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Stagger Lee: continued

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Murder Ballads
Secret London

Nick Cave fans will find this extract from Big Stick's story very familiar. When Cave and his band, The Bad Seeds, were recording their 1996 Murder Ballads album, Bad Seeds percussionist Jim Sclavunos brought a copy of Wepman's book into the studio. Cave discovered Big Stick's toast there, and had the band improvise a backing on the spot. Their brooding bassline, scratchy guitar and sudden, stabbling piano chords provide a perfect backdrop for Cave's supremely menacing vocals. He relishes every drop of cruelty the song provides, growling Big Stick's brutal words almost verbatim and drawing every ounce of value from their rhythmic punch. For the 5 mins 15 secs the song lasts, Cave seems both omnipotent and possessed. “I'M Stagger Lee!” he roars at one point. Who could doubt it?
“Stagger Lee appeals to me simply because so many people have recorded it,” Cave told Mojo magazine in 1996. “The reason we did it, apart from finding a pretty good version in this book, was that there is already a tradition. We're kind of adding to that” (24).

Stag may not be a healthy role model, but he's long been a potent symbol of black pride

The song's since become a highlight of the Bad Seeds' live set. Often, it's used to close the show, as seen in the DVD of the band's November 11, 2004, gig at London's Brixton Academy. As the song begins, violinist Warren Ellis is crouched at the back of the stage, facing away from the audience, his head bowed and his hands clasped round the instrument's neck. The music begins to build, and Ellis starts rocking back and forth in time with its slow burn. Head bowed, fists clenched, eyes tightly shut, he looks like a man praying to appease a dark and angry god - praying, perhaps, to Stagger Lee himself to forgive the band's temerity in daring to invoke his name.

From Little Harvey Hull through Lloyd Price to The Clash and Nick Cave, every serious incarnation of Stagger Lee can be seen as a strong black man doing whatever it takes to make his way in an unjust white man's world. Rich or poor, aggressor or otherwise, he's always Fiore's “alpha dog” and always ready to extract a terrible revenge on anyone who fails to treat him that way. It's no co-incidence that James Brown released his own version of Stagger Lee within a year of his anthemic Say It Loud: I'm Black And I'm Proud. Stag may not be the healthiest of role models, but he's always been a potent symbol of black pride.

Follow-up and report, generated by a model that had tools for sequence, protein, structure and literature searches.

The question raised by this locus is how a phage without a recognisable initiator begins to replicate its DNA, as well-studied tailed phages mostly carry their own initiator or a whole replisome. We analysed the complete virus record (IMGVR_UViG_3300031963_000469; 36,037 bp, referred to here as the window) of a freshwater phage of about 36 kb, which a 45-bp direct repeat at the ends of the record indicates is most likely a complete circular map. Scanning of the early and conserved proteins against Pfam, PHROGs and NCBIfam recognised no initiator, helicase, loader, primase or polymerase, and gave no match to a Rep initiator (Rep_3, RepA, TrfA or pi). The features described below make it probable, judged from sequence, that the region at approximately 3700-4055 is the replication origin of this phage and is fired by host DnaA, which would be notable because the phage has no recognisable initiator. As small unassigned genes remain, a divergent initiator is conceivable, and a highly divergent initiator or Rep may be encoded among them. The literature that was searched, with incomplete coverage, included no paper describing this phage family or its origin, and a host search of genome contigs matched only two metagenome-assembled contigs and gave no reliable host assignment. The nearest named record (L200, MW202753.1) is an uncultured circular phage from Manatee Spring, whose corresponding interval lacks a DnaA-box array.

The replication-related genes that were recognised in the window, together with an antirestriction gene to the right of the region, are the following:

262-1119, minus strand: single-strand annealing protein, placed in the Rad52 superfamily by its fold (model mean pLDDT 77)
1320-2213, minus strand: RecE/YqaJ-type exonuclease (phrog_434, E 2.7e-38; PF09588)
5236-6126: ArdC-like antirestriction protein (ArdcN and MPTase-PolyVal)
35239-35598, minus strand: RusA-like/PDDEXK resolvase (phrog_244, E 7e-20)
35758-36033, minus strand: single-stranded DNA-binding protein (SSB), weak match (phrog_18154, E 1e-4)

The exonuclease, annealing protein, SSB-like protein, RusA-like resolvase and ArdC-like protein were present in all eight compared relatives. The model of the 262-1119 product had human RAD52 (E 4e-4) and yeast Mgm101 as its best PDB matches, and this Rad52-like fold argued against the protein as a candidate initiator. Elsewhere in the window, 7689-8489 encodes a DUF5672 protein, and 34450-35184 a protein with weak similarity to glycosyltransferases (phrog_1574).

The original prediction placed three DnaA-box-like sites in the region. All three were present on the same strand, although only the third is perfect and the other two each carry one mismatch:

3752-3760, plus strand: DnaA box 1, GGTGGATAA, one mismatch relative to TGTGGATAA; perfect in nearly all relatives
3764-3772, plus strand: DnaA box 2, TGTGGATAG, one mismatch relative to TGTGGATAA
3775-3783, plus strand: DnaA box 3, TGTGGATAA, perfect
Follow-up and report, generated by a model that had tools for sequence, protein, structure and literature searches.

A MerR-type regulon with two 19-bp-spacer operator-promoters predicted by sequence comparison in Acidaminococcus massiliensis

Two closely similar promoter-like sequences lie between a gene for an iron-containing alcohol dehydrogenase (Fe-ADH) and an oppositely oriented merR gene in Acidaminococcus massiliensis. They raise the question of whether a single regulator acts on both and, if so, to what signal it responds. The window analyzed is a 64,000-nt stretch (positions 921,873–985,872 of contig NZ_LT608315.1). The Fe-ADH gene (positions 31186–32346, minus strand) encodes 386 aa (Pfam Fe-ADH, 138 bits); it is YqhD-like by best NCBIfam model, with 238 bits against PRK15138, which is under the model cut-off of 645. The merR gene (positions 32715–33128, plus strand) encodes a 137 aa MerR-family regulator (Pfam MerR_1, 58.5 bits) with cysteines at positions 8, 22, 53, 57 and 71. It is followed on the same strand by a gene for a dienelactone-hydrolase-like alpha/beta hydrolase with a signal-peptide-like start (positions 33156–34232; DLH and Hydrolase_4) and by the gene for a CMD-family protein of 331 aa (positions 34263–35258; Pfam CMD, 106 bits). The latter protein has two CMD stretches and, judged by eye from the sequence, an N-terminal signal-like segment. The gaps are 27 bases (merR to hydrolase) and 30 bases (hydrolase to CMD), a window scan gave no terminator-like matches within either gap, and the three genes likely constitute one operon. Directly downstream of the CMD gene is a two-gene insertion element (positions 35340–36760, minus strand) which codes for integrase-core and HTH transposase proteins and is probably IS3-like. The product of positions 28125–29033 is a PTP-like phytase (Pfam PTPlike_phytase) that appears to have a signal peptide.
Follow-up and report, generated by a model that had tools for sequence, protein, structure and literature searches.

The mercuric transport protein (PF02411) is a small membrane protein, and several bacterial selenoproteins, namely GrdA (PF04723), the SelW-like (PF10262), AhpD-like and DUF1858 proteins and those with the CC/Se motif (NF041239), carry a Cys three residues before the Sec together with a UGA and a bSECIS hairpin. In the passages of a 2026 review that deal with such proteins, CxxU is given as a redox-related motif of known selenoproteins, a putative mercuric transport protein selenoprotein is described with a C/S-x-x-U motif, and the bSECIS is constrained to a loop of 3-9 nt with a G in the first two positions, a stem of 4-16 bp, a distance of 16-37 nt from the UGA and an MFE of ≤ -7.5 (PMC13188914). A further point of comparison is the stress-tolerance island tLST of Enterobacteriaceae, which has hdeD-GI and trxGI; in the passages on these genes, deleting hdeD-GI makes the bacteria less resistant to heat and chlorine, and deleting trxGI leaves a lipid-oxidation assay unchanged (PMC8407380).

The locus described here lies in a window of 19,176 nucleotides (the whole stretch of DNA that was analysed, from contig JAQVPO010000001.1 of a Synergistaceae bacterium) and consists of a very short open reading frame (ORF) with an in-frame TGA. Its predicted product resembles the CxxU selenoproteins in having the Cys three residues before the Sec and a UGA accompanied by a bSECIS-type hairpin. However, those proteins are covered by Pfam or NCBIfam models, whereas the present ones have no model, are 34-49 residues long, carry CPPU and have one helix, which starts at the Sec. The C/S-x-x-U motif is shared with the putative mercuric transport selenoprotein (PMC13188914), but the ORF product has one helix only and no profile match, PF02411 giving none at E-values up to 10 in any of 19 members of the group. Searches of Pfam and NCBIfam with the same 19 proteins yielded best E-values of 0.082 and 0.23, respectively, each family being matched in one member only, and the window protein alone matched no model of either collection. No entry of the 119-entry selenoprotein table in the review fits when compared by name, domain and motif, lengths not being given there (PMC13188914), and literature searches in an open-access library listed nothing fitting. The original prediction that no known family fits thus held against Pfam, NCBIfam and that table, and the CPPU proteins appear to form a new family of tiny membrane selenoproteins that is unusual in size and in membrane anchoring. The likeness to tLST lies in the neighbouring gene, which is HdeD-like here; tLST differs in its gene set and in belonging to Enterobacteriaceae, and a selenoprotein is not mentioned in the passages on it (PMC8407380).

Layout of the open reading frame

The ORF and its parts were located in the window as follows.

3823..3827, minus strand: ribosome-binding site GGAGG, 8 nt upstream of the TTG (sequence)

He's also the grandfather of every drug dealer and pimp populating today's gangsta rap tunes. Eithne Quinn makes this point in her 2004 book Nuthin' but a 'G' Thang, where she calls Stag “(one of) the most influential badman forebears of gangsta rap”. She goes on to draw a direct comparison between his ballad's story and NWA's notorious 1988 track Fuck tha Police, which closes with a scene putting the white police themselves on trial for brutality. “The rebellious intent - pushing at the boundaries of what was permissable in its historical moment - matches that of 'Stackolee',” Quinn says. “Considerable pleasures were afforded by this Day-Glo repetition of the traditional tale: Stackolee meets the LAPD, as it were” (25).
Thousands of young people in poor black neighbourhoods all over America are still trapped in Stagger Lee's violent world. Maybe that's why Bobby Seale, the Black Panther leader, decided to name his son after Stag.
Speaking in a 1970 jailhouse interview, Seale said: “I named my son Malik Nkrumah Staggerlee Seale. Beautiful name, right? He's named after his brother on the block, like all his brothers and sisters off the block: Staggerlee. Staggerlee is Malcolm X before he became politically conscious. Livin' in the hoodlum world. You'll find out. Huey (Newton) had a lot of Staggerlee qualities. I guess I lived a little bit of Staggerlee's life too, here and there. [...] And at one time, brother Eldridge (Cleaver) was on the block. He was Staggerlee. And so I named that brother, my little boy, Staggerlee, because - that's what his name is” (26).
Draw a line from Stagger Lee through Seale's Panther buddies, and you come to gangsta rapper Tupac Shakur. The NME made this connection explicit when it reported on Shakur's latest problems in December 1994. In October 1993, Shakur had come across two off-duty Georgia cops who he believed were harassing a black man by the side of the road. He got into a fight with them and ended up shooting them both, one in the leg, the other in the buttocks. Charges against him were dropped when it emerged that the cops had been drunk at the time, and using weapons stolen from an evidence locker.
Two months later, Shakur was charged with sexually assaulting a woman in his hotel room and put on trial. In November the following year, while he was still waiting for a verdict, someone shot him five times outside a New York recording studio and stole the $40,000 worth of jewellery he was wearing.
That's where the NME picked up the story. “Why should Shakur sabotage his lucrative career for, as he calls it, a thug life?” the paper asked. “Fans of Tupac accuse the white community of missing the point. They say Shakur is a black hero in the tradition of blues archetype Stagger Lee, who created a system for himself based on his own perceptions. Writer Dream Hampton described Tupac's shooting of the two policemen as having 'mythic potential [...] black knight slays cracker dragons who emerge in the night, fangs bared. [...] It's the kind of community work we all dream of doing'.” (27)